Poster activism, supplies & storage


  I think calling our outreach efforts "marketing" and "PR" also causes them to lose their value, although that is a separate point.

  My main response to what you wrote below is that putting posters on an ugly construction clapboard wall where it's common for people to put up posters is a far cry from putting them on a private business, let alone a private home, without the owner's consent. It's the difference between preaching on a soapbox on the street corner versus yelling at people as they step out of their doorways.

Love & Liberty,
          <<< starchild >>>

P.S. - When it comes to public property, one person's "defacement" is another person's art. I do not feel obliged to follow government dictates concerning which is which.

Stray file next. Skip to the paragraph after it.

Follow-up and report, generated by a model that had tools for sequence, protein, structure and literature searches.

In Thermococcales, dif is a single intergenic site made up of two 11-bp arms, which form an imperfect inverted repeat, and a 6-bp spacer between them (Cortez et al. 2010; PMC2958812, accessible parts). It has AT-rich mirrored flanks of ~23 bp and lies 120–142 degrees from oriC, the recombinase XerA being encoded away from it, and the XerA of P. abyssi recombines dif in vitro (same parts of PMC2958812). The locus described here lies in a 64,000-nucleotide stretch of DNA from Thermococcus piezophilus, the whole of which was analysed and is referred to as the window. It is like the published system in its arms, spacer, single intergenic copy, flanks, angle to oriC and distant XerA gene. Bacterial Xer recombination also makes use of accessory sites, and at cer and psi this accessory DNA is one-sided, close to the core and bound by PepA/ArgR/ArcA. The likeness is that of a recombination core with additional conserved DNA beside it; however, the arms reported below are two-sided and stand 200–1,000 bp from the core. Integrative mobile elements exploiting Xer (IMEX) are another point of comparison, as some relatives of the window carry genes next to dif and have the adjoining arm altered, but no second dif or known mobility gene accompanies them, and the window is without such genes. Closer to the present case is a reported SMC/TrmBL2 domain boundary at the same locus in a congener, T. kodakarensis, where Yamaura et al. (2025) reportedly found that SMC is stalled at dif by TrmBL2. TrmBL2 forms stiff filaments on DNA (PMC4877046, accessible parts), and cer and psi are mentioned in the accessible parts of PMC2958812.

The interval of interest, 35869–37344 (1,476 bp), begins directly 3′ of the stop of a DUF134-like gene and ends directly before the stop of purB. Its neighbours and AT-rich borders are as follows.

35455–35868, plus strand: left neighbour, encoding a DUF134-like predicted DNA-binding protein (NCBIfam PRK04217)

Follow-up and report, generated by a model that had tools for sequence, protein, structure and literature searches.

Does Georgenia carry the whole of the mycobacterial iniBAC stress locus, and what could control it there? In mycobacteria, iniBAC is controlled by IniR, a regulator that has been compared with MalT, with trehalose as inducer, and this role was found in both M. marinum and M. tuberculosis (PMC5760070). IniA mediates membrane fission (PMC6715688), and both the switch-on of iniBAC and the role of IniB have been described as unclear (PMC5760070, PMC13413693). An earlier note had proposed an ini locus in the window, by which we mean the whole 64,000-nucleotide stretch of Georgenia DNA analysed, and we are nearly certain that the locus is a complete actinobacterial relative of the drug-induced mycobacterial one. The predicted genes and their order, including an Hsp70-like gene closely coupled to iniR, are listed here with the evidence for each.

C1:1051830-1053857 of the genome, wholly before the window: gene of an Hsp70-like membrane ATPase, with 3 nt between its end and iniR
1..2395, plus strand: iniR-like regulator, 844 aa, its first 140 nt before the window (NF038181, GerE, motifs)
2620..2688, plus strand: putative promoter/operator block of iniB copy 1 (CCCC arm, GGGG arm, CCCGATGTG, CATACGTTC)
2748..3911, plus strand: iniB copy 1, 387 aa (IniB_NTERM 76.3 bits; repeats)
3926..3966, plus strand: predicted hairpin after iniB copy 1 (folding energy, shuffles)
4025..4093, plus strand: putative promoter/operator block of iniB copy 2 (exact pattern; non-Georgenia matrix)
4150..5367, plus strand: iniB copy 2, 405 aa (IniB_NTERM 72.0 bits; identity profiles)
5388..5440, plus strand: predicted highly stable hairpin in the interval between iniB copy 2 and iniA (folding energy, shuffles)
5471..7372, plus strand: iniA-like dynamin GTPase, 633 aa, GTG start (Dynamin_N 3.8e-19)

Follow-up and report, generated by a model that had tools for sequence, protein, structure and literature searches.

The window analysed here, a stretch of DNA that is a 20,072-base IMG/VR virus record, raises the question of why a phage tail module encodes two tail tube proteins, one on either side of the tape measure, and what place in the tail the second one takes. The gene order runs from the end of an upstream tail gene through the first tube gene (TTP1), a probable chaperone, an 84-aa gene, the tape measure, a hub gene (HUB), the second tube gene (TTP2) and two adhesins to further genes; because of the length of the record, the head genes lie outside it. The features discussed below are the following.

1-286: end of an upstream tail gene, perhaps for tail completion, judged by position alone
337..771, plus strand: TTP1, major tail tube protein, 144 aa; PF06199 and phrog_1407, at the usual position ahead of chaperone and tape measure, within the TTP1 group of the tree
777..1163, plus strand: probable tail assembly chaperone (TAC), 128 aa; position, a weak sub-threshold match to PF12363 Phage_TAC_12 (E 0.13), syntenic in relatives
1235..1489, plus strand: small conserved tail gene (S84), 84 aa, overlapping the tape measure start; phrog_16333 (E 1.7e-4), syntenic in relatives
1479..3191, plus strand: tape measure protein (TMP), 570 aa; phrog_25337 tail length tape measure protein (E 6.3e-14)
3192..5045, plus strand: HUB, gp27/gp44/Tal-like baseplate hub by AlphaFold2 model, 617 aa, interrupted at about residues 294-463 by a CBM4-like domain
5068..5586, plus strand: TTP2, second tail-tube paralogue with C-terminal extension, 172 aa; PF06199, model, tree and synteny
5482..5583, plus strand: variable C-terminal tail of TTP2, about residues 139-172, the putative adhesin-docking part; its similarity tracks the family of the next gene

The real problem here, if it isn't obvious, is that public property is a
contradictory, nonlibertarian concept. Public property belongs to
everybody and nobody. And I don't see a sharp distinction between a
corner soapbox and accosting somebody on their doorstep.
Philosophically, a libertarian case could be made for blowing up City
Hall (cf. Guy Fawkes). But Chris, Rob, and Brian make an important
practical point about the effect on our cause, in terms of our being
perceived as champions of property. Just because one person's art is
another person's defacement-and one person's music is another's noise
pollution-I say keep it all out of "public" spaces.


  "Keep it all out of 'public' spaces" would imply no more street corner musicians, no more Pride parades, etc. Surely that's not what you advocate as a "meanwhile" solution on the road to anarchy?

Love & Liberty,
        <<< starchild >>>

That would be my personal preference. My neighborhood is about as quiet
as you can find, but rock concerts in the Park make it impossible to
work or sleep.